Unknown to the National Wildlife Federation, perhaps, but an endangered species nonetheless, is the breakfast eater. While many still exist, polls show that their numbers shrink each year.
Scientists give various reasons for the declining numbers. Late nights make late risers who, understandably, are late for work. They disregard the need for a morning meal.
Late dinners postpone the gnawing feeling that would otherwise force one to indulge in something edible before noon. Late diners disdain breakfast.
And as family members become distracted by early morning activities (running, flex-time commuting or meetings at school), breakfasts shrink and become less important.
None of these, however, reflects badly on the actual food, which is very often delicious and certainly easy to prepare. Often people look forward to vacation just because they can indulge in the ham, grits, potatoes, hash, sausage, eggs, waffles, pancakes, kuchen and croissants that breakfast connotes.
For those who, as a general rule, cannot or will not face a substantial meal before noon but enjoy the thought of a hearty morning meal, and for their counterparts who fantasize about that food, consider this schizophrenic menu: It can be dinner or breakfast.
As always, every kitchen is presumed to be equipped with flour, sugar, salt, pepper and butter or oil.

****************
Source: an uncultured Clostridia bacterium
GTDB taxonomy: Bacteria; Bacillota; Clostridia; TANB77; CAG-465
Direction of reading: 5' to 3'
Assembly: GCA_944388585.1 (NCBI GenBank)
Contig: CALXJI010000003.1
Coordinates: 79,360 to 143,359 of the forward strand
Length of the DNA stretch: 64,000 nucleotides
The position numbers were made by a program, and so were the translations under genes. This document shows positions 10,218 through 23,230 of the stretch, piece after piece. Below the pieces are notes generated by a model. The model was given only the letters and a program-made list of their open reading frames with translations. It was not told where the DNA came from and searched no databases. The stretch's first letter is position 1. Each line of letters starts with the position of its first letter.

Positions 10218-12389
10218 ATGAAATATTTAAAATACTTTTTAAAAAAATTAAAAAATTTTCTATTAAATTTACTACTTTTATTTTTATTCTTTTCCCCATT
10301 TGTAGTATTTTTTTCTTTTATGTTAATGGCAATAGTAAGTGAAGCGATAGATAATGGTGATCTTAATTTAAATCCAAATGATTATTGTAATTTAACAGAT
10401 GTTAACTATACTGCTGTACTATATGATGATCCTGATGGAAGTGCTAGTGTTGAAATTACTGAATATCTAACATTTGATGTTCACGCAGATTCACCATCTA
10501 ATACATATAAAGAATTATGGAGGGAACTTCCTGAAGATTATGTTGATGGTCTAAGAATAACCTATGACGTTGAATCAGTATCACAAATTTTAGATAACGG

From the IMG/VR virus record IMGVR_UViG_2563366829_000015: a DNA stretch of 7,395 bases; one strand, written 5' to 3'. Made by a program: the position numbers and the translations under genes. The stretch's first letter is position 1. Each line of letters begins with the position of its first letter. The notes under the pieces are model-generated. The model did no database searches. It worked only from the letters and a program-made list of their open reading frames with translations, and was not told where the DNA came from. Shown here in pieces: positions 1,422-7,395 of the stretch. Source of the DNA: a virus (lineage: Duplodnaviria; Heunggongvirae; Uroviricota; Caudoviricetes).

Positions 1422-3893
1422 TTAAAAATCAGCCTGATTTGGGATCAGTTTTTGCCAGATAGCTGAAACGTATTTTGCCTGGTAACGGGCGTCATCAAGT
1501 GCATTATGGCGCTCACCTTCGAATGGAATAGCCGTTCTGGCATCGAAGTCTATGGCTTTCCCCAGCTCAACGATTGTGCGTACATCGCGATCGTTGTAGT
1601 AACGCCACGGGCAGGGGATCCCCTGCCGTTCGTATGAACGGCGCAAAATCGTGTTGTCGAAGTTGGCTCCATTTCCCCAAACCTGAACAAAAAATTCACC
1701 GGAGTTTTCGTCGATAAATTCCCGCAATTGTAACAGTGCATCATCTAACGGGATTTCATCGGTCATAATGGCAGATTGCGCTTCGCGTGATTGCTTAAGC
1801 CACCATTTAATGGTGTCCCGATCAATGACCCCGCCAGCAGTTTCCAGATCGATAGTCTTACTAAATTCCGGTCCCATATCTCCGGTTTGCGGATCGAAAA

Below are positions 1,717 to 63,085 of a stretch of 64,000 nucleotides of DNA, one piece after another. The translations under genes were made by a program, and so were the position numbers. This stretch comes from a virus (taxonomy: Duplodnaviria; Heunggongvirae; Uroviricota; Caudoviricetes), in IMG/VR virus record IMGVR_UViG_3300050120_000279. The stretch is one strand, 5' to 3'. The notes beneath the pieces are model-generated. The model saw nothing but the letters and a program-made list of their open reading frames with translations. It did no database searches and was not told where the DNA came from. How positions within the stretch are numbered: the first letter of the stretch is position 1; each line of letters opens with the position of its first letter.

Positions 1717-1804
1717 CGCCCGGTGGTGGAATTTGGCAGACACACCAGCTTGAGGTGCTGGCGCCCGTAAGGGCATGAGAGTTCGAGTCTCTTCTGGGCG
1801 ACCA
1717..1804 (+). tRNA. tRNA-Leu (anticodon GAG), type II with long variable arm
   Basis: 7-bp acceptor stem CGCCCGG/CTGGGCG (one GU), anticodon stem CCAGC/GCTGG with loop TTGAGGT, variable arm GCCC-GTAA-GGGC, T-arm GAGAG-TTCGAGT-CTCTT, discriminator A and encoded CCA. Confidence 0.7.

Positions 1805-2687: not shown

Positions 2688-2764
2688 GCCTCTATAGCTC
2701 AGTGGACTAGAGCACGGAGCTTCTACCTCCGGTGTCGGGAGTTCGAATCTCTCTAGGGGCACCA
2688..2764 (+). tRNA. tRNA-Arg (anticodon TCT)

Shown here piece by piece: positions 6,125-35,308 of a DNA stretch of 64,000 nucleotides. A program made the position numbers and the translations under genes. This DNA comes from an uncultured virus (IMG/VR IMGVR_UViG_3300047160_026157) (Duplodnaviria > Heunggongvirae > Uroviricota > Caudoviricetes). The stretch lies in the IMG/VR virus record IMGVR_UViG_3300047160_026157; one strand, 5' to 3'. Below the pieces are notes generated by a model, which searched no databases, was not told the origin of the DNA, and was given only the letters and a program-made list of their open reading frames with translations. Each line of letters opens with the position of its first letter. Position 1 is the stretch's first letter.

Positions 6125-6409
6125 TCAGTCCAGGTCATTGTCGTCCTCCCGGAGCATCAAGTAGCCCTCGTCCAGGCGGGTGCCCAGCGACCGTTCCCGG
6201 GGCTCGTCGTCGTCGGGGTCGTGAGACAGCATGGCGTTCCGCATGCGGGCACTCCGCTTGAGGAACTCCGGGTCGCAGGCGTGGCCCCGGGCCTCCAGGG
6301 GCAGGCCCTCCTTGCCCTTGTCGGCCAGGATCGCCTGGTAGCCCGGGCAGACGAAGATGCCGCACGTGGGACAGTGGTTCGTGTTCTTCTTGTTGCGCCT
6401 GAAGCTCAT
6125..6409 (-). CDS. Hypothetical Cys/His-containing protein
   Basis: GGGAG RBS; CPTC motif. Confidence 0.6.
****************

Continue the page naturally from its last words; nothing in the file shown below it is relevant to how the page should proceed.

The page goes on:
EXPRESS LANE LIST: Eggs, canadian bacon (or small, boneless ham), english muffins, vinegar, mangoes, lime, honey. POACHED EGGS AND CANADIAN BACON (4 servings) 4 1/4-inch-thick slices canadian bacon About 1 tablespoon butter or oil 4 english muffins 1 tablespoon vinegar 4 to 8 eggs (1 to 2 per serving)
Fry canadian bacon slices in a little butter or oil to heat through. Place on a platter and keep warm in the oven. Halve muffins and toast. Heat enough water to cover eggs, simmer in a large skillet with 1 tablespoon vinegar. Crack eggs individually into a flat saucer and slide them into hot water. Cook until done to taste and remove with slotted spoon. Drain eggs briefly on absorbent towels, then serve atop bacon slices on heated plates. Canadian bacon can be placed on top of muffin halves, or the muffins may be buttered and served with honey on the side. SAUTE'ED MANGOES (4 servings) 3 tablespoons butter 2 ripe mangoes, peeled and sliced 2 limes 3 tablespoons honey
Heat butter in a large skillet. Add mango slices, juice from limes and honey. Heat through and serve with poached eggs.
If ripe mangoes are not available, substitute other ripe fruit such as banana halves, papaya, plums, pears or apples. (Cook to desired doneness.) You may prefer bananas and plums sprinkled with cinnamon, pears with ginger and apples with cinnamon and nutmeg. Or heat applesauce and serve it sprinkled with cinnamon.